In the asyncio API there are two main functions for scheduling a set tasks at the same time, our familiar gather and wait. The main differences between them are:

  • wait returns a tuple of two sets of Task objects, done and pending, while gather returns the results of those tasks.
  • gather returns the results in order, i.e. the first element of the returned list is the result of the Task object passed as a first parameter to it. In contrast, wait returns the objects out of order we need to manually keep track of which result corresponds to which Task.
  • gather, by default, will return when an exception is raised by any of the tasks, or whenever all tasks are done if no exception is raised. As we’ve seen, if return_exceptions is True it will return when all tasks are “done” even if some raised an exception. Conversely wait has a specific parameter return_when that can be one of FIRST_COMPLETED, FIRST_EXCEPTION or ALL_COMPLETED allowing us finer control on when it returns.
  • Finally, wait includes a timeout argument, gather does not have it but it’s possible to combine it with wait_for to mimic that behaviour.

Additionally, asyncio includes as_completed which returns an iterator of futures you can await as they are done. I cover both wait and as_completed in my other article Asyncio for the Working Python Developer if you’re interested.

Why do I mention all this? Because we’re going to be needing it very soon.

Cancelling tasks

It may not look like it, but we’re sending potentially thousands of requests to the HN API, more if we were to increase the number of top stories to get comments for, even more if any of the top stories happen to be controversial. We’re basically DDoS-ing the poor thing. Up until now it’s been fine with it but if we abuse it we may be getting some 429 Too Many Requests or 420 Enhance your calm.

So, ideally, as an exception is raised we should avoid making things worse for ourselves and cancel any scheduled tasks. Yeah, you heard me: you can cancel the tasks!

… but you need a handle on them, ideally we need handles as soon as an exception is raised. Now, as we mentioned before, gather returns the results of the tasks, but wait returns the Task objects in two tuples, done and pending.

Let’s give wait a go:

A few things to note on this example. First off the signature for wait is different, it accepts a list of Task objects so we don’t need to unpack the list as we were doing before with gather.

Secondly, we’re passing return_when=FIRST_EXCEPTION, specifically requesting it to return the two sets as soon as there’s an exception, at that point there will be pending tasks so we cancel them. If none are raised the second set will simply be empty. That’s why we managed to stop immediately after hitting our upper limit for fetches (500 in this example).

However, remember done != successful, if an exception was raised then one and only one Task object’s result is an exception, and calling result on it will raise it, so we need to be prepared to catch it.

Now for the caveats, notice the ??? in the post numbers? that’s because up until now we’ve been relying on gather returning the results in order, but we’ve lost that using wait.

What we need to do is keep track of which Task object corresponds to each post ID. Up until now we’ve been allowing gather and wait to create these Task objects from coroutine objects, but we can actually create the Task objects ourselves and pass the list to wait.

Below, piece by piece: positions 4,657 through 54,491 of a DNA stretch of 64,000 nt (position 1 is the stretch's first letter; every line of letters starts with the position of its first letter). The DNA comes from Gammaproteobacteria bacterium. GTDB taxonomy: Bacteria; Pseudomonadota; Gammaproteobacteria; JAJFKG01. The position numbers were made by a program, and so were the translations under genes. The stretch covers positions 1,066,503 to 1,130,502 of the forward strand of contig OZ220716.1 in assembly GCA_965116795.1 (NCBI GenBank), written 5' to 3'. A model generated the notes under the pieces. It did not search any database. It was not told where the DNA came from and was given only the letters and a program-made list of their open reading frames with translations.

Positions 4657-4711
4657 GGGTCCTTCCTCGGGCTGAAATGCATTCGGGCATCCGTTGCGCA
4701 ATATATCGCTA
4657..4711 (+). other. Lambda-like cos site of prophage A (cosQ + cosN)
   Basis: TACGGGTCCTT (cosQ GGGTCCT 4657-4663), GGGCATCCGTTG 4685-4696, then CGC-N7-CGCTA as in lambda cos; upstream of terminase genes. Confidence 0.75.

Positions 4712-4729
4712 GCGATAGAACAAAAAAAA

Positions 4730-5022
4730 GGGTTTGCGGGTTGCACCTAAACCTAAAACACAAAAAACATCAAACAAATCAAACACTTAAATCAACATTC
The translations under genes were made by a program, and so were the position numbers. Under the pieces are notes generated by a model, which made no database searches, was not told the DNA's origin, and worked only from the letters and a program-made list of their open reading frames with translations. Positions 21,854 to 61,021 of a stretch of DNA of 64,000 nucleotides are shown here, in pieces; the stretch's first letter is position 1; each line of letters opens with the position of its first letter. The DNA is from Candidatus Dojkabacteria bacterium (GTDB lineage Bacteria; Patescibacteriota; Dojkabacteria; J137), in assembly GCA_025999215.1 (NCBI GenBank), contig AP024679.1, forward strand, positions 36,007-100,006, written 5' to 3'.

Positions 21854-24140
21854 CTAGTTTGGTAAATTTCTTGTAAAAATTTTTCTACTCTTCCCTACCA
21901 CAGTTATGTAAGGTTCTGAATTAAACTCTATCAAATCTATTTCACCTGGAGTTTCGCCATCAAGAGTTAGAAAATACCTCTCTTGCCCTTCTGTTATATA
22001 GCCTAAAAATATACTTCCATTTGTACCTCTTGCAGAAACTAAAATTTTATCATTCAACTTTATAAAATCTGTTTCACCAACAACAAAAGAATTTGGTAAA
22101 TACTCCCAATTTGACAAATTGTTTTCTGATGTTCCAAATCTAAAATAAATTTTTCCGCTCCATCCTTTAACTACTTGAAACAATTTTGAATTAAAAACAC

As you can see we can now get the post ID corresponding to our completed Task object from the set returned by wait.

Notice how we’re creating Task objects using ensure_future (we could’ve also used loop.create_task) and then combining them using wait. Keeping references to our Task objects can be quite handy.

Handling cancellation

Since we’re talking about cancelling tasks, the actual workflow is quite interesting. When task.cancel() is called a CancelledError exception is sent to the coroutine. The coroutine can actually catch that exception and act accordingly, it may even choose to ignore it.

In our case we wouldn’t want to ignore the cancellation entirely, but it might be useful to catch the exception to cancel all child tasks if we have any.

The lesson here is that if there’s a chance that your coroutines can be cancelled remember you can catch the CancelledError and do any clean up that’s necessary. This also highlights the usefulness of storing references to any Tasks you schedule.

I find the solution quite elegant and Pythonic, exceptions are at the core of the language and still are even on a complicated feature like cancelling asynchronous tasks.


And that’s all I have on asyncio, I hope these two articles have satisfied your hunger for coroutine knowledge and you’ve learned a few ideas to keep in mind while working with asyncio.

As you can see there’s quite a bit of housekeeping to perform, especially in situations where you want or need to deviate from async/await and start using different patterns. Asyncio has been subject of detailed analysis from very clever people and sparked third party libraries that try a different approaches or aim to paliate our suffering.

Personally I think it is not without its flaws, but it’s had a tremendous impact in the community to embrace asynchronous programming. It’s really in its infancy and the core team is hard at work adding new features and polishing the API while the ecosystem around it has flourished and it’s only getting better and better.

I believe asyncio has, without a doubt, pushed Python to the next level.

Freelance Software Engineer, London, UK. Twitter: @yera_ee